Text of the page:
LONDON Wimbledon's conservative traditions have been banished for the London Olympics with pink branding and bright red dresses set to adorn the esteemed grasscourt tennis venue.
Any clothing color other than white is normally frowned upon at the annual grand slam tournament but different rules apply in the Olympic tennis event, which has taken over the hallowed turf.
Former world number one Caroline Wozniacki, who loves to dress up on and off court, is thrilled that the shackles of Wimbledon's all-white regulations have been cast aside.
"Yes of course," the 22-year-old said when asked by reporters if she would be adding her own dash of color.
"It will be red with a bit of white, which represents the Danish flag."
The colors of Denmark will also glow from her nails after she painted them herself.
"I think I did a marvelous job," she said as she flashed them eagerly.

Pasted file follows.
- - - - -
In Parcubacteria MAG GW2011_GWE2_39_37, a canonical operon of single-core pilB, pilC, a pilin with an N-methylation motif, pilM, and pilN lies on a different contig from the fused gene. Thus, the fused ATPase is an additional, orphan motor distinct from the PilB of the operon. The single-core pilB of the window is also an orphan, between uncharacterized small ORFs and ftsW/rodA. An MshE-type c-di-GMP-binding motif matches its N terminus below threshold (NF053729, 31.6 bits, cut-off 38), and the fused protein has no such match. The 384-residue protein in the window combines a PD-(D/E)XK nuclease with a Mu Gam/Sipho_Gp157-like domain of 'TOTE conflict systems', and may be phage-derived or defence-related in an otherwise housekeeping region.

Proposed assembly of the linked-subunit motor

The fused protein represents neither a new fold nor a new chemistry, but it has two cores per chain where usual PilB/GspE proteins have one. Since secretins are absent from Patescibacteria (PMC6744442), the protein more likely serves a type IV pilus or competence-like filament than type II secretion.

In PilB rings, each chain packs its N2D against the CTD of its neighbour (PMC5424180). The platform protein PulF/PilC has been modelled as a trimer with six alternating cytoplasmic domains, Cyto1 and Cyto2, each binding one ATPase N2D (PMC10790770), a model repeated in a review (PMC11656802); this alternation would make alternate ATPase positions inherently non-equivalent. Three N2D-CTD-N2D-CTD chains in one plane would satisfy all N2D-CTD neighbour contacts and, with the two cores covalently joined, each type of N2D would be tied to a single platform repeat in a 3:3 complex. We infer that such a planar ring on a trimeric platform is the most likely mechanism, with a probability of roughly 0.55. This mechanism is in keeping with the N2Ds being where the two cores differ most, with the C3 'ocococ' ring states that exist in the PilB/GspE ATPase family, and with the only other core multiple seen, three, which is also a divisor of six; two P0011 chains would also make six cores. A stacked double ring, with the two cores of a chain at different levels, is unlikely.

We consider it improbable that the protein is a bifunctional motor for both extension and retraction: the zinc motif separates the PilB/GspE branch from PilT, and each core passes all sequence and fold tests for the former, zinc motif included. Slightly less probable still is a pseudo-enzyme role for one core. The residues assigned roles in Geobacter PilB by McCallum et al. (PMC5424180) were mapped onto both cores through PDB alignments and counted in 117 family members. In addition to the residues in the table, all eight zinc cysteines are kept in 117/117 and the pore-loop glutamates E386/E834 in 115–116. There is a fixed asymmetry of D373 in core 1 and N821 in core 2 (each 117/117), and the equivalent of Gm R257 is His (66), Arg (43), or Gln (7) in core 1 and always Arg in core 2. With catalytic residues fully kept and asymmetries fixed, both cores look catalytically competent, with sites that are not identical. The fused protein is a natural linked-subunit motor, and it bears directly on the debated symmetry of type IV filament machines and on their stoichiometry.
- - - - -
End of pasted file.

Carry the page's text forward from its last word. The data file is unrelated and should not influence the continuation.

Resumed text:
The pink signage of the London 2012 Games has also transformed Wimbledon's usual green and purple hue and the reaction from traditionalists and players has been mixed.
"It looks a bit strange with the grass but pink is a nice color," added Wozniacki.
Spain's Fernando Verdasco was far less excited when he moaned to reporters about his Olympic experience so far.
"It's a little bit weird, it looks a bit more for girls than guys," he said of the pink branding before lamenting Spain's decision to make him stay at the Olympic Village in east London, over an hour away from Wimbledon.
"It's a long day and a long drive, I don't think it's the best option for tennis players," Verdasco added.
Another man underwhelmed by the London Games, which begin officially on Friday, is Wozniacki's golfer boyfriend Rory McIlroy, who was taken round the Olympic Park by his girlfriend ahead of golf's inclusion in the 2016 event.
"So far he hasn't been that excited. We'll have to see," Wozniacki giggled. (Editing by Toby Davis)